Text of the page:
The FCC has extended the comment deadline in two proceedings looking at imposing new public interest obligations on TV broadcasters (and potentially, at some point in the future, on radio stations as well). Both proceedings are an outgrowth of the FCC’s Future of Media Report, that suggested that broadcasters be made to be more
The FCC today heard from its Future of Media task force, when its head, Steven Waldman presented a summary of its contents at its monthly meeting. At the same time, the task force issued its 475 page report – which spends most of its time talking about the history of media and the current media landscape, and only a handful of pages presenting specific recommendations for FCC action. The task force initially had a very broad mandate, to examine the media and how it was serving local informational needs of citizens, and to recommend actions not only for the FCC, but also for other agencies who might have jurisdiction over various media entities that the FCC does not regulate. Those suggestions, too, were few in the report as finally issued. What were the big headlines for broadcasters? The report suggests that the last remnants of the Fairness Doctrine be repealed, and that the FCC’s localism proceeding be terminated – though some form of enhanced disclosure form be adopted for broadcasters to report about their treatment of local issues of public importance, and that this information, and the rest of a broadcaster’s public file, be kept online so that it would be more easily accessible to the public and to researchers. Online disclosures were also suggested for sponsorship information, particularly with respect to paid content included in news and informational programming. And proposals for expansion of LPFMs and for allowing noncommercial stations to raise funds for other nonprofit entities were also included in the report.
While we have not yet closely read the entire 475 page report, which was tiled The Information Needs of Communities: The Changing Media Landscape in a Broadband Age, we can provide some information about some of the FCC’s recommendations, and some observations about the recommendations, the process, and the reactions that it received. One of the most important things to remember is that this was simply a study. As Commissioner McDowell observed at the FCC meeting, it is not an FCC action, and it is not even a formal proposal for FCC action. Instead, the report is simply a set of recommendations that this particular group of FCC employees and consultants came up with. Before any real regulatory requirements can come out of this, in most cases, the FCC must first adopt a Notice of Proposed Rulemaking, or a series of such notices, and ask for public comment on these proposals. That may take some time, if there is action on these suggestions at all. There are some proposals, however, such as the suggestion that certain LPFM rules be adopted in the FCC’s review of the Local Community Radio Act so as to find availability for LPFM stations in urban areas, that could be handled as part of some proceedings that are already underway.
Is the release of the long-awaited Future of Media Report at hand? Since January 2010, the FCC has been studying the Future of Media, a study conducted by a Special Advisor to the FCC Chairman who was appointed in November 2009. The study was to provide important research and analysis of how broadcasting and other…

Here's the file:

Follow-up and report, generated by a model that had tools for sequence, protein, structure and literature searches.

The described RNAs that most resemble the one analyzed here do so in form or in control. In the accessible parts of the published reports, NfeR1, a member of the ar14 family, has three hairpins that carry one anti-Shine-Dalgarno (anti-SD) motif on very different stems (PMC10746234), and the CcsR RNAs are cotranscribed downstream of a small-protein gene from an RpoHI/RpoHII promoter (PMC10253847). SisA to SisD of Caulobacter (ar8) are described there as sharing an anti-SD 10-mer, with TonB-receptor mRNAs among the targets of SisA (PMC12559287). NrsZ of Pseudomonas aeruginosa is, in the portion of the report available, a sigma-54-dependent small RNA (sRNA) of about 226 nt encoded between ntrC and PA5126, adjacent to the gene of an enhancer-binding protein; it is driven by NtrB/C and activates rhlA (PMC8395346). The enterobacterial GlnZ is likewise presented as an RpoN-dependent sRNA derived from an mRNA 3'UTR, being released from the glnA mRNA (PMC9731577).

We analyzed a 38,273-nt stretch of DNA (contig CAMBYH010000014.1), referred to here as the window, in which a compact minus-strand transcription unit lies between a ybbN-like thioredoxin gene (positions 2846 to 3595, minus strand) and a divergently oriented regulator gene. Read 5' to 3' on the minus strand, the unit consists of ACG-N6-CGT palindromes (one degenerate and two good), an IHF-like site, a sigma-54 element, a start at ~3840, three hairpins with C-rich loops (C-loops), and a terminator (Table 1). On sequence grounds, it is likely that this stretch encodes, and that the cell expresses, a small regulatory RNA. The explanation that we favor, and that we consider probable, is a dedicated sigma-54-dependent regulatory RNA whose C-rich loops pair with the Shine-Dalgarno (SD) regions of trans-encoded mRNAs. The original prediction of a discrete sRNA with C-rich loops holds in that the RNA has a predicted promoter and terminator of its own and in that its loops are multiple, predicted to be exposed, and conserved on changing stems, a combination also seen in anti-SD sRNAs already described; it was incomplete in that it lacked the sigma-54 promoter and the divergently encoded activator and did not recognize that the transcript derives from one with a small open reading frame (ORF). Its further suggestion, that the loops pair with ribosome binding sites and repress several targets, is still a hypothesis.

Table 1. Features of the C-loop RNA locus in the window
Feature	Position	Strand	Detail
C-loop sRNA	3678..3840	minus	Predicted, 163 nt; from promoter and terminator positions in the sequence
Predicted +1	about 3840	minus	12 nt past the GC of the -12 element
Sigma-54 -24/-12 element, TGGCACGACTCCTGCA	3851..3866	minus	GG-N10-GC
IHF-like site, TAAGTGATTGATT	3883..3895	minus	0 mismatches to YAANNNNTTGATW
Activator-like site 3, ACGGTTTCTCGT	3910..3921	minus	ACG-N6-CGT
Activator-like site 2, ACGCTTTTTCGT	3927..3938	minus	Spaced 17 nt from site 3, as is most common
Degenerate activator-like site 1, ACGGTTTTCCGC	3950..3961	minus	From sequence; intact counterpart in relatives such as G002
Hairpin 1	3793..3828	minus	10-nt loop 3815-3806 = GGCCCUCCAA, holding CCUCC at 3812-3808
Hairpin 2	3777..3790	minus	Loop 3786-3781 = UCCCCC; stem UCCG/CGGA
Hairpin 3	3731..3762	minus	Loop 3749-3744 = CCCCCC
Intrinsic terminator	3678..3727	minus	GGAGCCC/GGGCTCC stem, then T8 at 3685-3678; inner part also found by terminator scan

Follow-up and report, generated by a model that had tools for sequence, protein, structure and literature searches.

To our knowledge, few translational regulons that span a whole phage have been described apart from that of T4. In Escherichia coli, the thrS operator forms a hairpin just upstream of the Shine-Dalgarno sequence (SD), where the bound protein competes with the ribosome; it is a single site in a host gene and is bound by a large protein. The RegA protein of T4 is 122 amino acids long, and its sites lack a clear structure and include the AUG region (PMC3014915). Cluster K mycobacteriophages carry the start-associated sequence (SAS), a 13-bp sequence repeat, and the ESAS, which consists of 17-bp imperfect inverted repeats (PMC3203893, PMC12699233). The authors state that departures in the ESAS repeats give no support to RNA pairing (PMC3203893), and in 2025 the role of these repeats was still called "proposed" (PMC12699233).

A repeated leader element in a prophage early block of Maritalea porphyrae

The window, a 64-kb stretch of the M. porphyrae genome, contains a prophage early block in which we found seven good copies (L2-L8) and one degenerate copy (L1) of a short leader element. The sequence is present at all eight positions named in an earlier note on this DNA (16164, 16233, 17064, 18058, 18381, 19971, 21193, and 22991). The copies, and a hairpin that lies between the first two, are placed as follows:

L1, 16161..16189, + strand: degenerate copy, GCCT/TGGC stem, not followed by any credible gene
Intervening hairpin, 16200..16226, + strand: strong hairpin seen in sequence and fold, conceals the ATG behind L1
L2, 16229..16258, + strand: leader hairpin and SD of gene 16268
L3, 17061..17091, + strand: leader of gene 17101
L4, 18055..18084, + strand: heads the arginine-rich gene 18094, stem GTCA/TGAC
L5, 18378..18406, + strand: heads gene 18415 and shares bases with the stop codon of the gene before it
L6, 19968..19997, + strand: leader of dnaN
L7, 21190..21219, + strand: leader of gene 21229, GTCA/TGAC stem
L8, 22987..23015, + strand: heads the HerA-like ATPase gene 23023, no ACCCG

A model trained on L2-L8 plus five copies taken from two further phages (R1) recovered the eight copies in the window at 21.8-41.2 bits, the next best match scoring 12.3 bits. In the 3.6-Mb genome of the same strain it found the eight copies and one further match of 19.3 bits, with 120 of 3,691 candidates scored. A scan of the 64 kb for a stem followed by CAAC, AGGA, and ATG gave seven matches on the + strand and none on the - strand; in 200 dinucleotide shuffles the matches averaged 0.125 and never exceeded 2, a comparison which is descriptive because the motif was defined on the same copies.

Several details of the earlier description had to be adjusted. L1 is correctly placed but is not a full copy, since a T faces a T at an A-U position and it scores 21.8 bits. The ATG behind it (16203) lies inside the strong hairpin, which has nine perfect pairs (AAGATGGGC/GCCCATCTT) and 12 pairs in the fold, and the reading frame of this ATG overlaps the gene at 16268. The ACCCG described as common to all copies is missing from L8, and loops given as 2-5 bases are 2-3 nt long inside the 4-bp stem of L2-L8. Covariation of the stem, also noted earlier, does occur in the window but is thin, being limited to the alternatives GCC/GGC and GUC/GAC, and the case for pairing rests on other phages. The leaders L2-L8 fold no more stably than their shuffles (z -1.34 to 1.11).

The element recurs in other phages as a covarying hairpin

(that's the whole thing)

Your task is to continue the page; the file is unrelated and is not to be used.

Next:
On February 8, 1996, the Telecommunications Act of 1996 was signed into law by President Bill Clinton. While the Act had significant impact throughout the communications industry, the impact on broadcasters was profound, and is still being debated. The Act made changes for broadcasters in several major areas:
- Lengthened license renewals to 8 years for both radio and TV, and eliminated the "comparative renewal"
- For radio, eliminated all national caps on the number of radio stations in which one party could have an attributable interest and increased to 8 stations the number one party could own in the largest radio markets
- For television, raised national ownership caps to having stations that reached no more than 35% of the national audience, with no limits on the number of stations that could be owned as long as their reach was under that cap.
- Allocated spectrum that resulted in the DTV transition
Obviously, the DTV spectrum began the profound changes in the way television is broadcast, and led to the current debate as to whether over-the-air television should be further cut back in order to promote wireless broadband (see our recent post on the FCC’s current proceeding on this issue). While the other changes have now been in effect for 15 years, the debate over these provisions continue. Some argue that the renewal and ownership modifications have created too much consolidation in the broadcast media and lessened the broadcaster’s commitment to serving the public interest. Others argue that, in the current media world, these changes don’t go far enough. Broadcasters are under attack from many directions, as new competitors fight for local audiences (often with minimally regulated multi-channel platforms, such as those delivered over the Internet) and others attack broadcasters principal financial support – their advertising revenue. Even local advertising dollars, traditionally fought over by broadcasters and newspapers (with some competition from billboards, direct mail and local cable), is now under assault from services such as Groupon and Living Social, and from other new media competitors of all sorts. With the debated continuing on these issues in the current day, it might be worth a few looking back at the 1996 changes for broadcasters, and their impact on the current broadcast policy debate.